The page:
Gypsy has all the ingredients for a brilliant show!
A whole range of musical numbers from the intimate ‘Small World’, the perfectly cringeworthy ‘Let me Entertain You’ and the brash ‘Everything’s Coming up Roses’; it has a great story line, with comic highs and emotional lows; and it has the opportunity for good producers and directors to create a theatrical spectacle.
Halifax Playhouse delivers.
Leading the production is a powerful creative team who make the most of the finest performers in the area. Under their direction, the cast – every one of them experienced and talented performers – create their characters so effectively that it is easy to lose yourself in the story. There is a natural camaraderie between the characters, who respond and bounce off each other as they should in a story that depends so deeply on their interaction.
A further level of magic is created by the orchestra, which plays so well: powerful when needed in the showstopper numbers but, overall, sensitive to the venue and the performance on stage. Like the performers, they listen to each other and create the perfect mood.
Gypsy has many fun and entertaining scenes and none more so than the fantastic ‘You Gotta get a Gimmick’, which brings the house down. James Buckley similarly commands the stage in his enchanting performance of ‘All I Need is the Girl’, which has such controlled, exciting, pace and choreography. But there is, as the excellent programme notes describe, something deep and disturbing about the underlying truth of this story; this is not just about a ‘stage mother from hell’ but the toxic translation of one generation’s selfish and unrealised ambitions onto the next.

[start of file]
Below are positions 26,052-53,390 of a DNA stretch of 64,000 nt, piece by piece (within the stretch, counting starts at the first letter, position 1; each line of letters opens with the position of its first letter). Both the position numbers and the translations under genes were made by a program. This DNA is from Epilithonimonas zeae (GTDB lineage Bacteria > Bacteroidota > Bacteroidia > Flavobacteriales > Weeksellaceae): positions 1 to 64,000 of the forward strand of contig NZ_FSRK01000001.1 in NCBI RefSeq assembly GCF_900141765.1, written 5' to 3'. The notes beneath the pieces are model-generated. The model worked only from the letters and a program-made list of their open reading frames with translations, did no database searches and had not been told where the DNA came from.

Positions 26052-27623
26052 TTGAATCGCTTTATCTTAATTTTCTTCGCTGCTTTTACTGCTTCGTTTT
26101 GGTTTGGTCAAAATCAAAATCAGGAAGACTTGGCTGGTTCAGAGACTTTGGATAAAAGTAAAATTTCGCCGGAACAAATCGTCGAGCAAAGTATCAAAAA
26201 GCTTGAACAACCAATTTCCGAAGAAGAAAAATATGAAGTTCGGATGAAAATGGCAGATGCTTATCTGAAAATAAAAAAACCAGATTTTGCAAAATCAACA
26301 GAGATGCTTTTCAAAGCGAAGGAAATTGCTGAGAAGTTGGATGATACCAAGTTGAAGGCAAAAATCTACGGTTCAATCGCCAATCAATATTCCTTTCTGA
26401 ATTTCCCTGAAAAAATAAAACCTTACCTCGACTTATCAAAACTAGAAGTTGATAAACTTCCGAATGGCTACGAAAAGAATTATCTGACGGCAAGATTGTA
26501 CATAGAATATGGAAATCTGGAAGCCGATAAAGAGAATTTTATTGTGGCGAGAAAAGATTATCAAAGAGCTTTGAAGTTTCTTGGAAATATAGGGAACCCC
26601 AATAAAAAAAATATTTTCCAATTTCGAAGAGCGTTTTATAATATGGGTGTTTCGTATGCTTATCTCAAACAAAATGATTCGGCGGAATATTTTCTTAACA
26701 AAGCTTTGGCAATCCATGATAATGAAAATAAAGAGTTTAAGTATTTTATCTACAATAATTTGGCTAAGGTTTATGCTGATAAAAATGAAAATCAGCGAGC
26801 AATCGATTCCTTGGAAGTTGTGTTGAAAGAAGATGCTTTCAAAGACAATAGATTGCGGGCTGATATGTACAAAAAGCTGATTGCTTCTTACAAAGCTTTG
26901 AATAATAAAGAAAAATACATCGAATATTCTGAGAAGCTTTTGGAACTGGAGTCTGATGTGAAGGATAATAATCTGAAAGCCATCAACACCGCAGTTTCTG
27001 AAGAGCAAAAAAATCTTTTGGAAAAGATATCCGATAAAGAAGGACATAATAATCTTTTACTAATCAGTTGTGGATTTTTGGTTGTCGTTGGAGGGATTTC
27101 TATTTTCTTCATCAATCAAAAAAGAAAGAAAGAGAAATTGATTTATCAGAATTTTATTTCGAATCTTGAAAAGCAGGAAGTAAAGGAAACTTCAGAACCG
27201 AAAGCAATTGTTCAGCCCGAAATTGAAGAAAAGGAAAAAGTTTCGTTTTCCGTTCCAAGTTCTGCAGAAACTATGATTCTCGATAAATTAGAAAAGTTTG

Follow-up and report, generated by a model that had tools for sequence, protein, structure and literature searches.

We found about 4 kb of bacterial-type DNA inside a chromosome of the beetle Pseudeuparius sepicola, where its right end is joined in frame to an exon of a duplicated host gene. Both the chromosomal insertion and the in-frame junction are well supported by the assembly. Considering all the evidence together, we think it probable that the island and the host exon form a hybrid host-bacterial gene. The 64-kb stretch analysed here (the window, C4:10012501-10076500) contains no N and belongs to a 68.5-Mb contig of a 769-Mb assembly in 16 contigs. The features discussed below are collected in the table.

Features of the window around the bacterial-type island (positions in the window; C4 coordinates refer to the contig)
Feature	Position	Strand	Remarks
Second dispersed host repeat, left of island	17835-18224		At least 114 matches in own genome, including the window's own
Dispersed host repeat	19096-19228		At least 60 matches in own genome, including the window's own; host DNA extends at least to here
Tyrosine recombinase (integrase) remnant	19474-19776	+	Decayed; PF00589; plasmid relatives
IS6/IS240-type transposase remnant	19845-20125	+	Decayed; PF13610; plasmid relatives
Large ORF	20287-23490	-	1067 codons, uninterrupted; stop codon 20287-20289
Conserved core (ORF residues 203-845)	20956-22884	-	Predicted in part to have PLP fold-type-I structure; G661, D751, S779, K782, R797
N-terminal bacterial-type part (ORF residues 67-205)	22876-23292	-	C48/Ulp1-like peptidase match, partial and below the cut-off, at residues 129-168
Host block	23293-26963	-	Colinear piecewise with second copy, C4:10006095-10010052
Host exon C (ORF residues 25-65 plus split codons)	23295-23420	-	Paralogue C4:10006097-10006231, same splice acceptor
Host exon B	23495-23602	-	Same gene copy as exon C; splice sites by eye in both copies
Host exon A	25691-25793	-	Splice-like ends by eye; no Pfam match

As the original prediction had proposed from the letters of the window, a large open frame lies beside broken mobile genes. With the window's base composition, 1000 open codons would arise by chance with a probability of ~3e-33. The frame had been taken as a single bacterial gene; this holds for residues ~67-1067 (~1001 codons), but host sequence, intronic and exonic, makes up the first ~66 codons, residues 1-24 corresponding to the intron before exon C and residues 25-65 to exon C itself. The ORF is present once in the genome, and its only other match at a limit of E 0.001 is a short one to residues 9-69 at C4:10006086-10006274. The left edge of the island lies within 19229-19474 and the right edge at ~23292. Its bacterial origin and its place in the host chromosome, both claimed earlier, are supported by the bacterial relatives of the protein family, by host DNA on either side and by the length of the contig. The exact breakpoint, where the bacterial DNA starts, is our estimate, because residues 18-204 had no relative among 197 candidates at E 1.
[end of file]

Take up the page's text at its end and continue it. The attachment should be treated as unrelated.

It takes a creative team and a cast like this to deliver. To have the ability to transform an audience from the ‘Gimmick’ showstopper to the truth of this story is exceptional. This deep-rooted fear is embodied, of course, in Rose, portrayed with the right balance of a likeable character and a maniacal controller by Rebecca Cawthra and directed brilliantly by Scott Armstrong.
So Go! Tell your friends. Go twice to experience one of the best nights of theatre you could have!
David Heathcote is a professional opera and concert producer and manager, who has written many theatre and concert reviews for the Huddersfield Examiner. He sings with The 3 British Tenors and has appeared as a soloist in opera and concerts around the UK, the US, Canada and in Italy.David Heathcote
The opening night of Gypsy at the Halifax Playhouse left me speechless.
From beginning to end, you’re swept along with Rose and her ever evolving act, so desperate to make the ‘big time’. The production team have skilfully enabled the audience to follow the children at the start of act one and watch them grow into young adults, each phase of their lives as well done as the other.
The relationships between Rose and her daughters is played wonderfully by Rebecca Cawthra who is breathtaking. The members of her act and partner Herbie remain patient for some time, during which we see the endearing talent of Craig Squance, confident performance from Danielle Williams and a flawless musical number from James Buckley.
For me, seeing the transformation of the character Louise was the highlight of the evening. Lucy Jayne Buckley portrays the kind, loyal but shy girl with such skill then blossoms into a sassy, powerful star with perfection and finesse.
This production is a fabulous example of the hard work and dedication from the cast and wonderful creative team;
A well deserved standing ovation on your opening night.
April 2018Theatre Lover